Former Tennis Player Andrea Jaeger Shows Compassion to Cancer-Stricken Children
Tuesday, May 26, 2009
It's a long way from Wimbledon's Centre Court to southwest Colorado. For Andrea Jaeger, the spiritual journey has been even longer.
At 14, she was a pig-tailed phenom, brandishing every stroke in the tennis repertoire with a swagger that rivaled Jimmy Connors's.
Most times, nothing thrilled her like winning -- especially if she felt she had a point to prove. Other times she was so tortured by the cost of success that she didn't try -- including, she says, intentionally losing the 1983 Wimbledon final.
Now 43, Jaeger rarely picks up a racket or reflects on the era when she toppled legends of the game but had no friends, traveling the world with a father-turned-coach who believed that discipline, often in the form of a firm whack, was the most effective teacher.
Today, the teen once ranked No. 2 in the world and on track to unseat Chris Evert atop the sport is an Anglican Dominican nun, ordained in 2006, and devoted to helping children with cancer.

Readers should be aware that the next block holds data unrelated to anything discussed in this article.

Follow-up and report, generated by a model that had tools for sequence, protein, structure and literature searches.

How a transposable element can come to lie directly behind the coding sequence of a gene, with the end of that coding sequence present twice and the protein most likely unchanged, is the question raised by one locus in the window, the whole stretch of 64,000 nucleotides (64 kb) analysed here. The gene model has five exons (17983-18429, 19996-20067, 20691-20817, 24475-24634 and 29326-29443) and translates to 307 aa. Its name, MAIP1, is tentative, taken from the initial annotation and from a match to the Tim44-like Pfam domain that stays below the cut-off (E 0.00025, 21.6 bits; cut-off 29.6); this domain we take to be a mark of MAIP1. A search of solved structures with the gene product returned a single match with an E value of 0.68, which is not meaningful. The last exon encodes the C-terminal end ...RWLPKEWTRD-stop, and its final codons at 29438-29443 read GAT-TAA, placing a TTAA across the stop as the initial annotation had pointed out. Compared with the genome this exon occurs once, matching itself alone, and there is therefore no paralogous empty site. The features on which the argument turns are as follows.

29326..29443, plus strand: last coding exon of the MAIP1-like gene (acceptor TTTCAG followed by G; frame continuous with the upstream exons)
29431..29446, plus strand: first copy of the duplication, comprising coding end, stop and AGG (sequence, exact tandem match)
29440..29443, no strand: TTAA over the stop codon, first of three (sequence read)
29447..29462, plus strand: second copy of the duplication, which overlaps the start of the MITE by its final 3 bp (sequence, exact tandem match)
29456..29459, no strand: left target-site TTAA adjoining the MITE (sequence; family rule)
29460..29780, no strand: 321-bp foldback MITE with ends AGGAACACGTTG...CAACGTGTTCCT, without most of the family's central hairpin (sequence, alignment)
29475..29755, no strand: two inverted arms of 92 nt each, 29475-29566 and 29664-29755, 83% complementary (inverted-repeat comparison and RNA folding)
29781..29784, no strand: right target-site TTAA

They are the reason she has given away every dollar she earned, shed her possessions and devotes her days to raising money to bring them to a Colorado ranch to ride horses, play Ping-Pong, perform in talent shows and, if only for a few days, share a childhood otherwise denied.
If Sister Andrea thinks about professional sports at all, it's of the prodigies like herself -- children whose uncommon gifts have thrust them into an adult world. Whether Michelle Wie, Freddy Adu or a 75-pound Olympic gymnast, today's phenoms have teams of advisers she never had -- agents, business managers, publicists, trainers and nutritionists.
But who, Sister Andrea wonders, takes care of their souls?
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Jaeger wasn't the first prodigy in women's tennis; she was preceded by Tracy Austin, the Southern Californian whose pinafores and bows accentuated her pre-pubescence.
But Jaeger, who turned pro in January 1980, at 14, was different. Daughter of a German bricklayer, bar owner and former boxer, she learned the game on Chicago's hard courts and played with bravado. She blasted her forehand, rare among female players at the time. She was a shrewd tactician. And she delighted in dragging out points to wear down her opponents.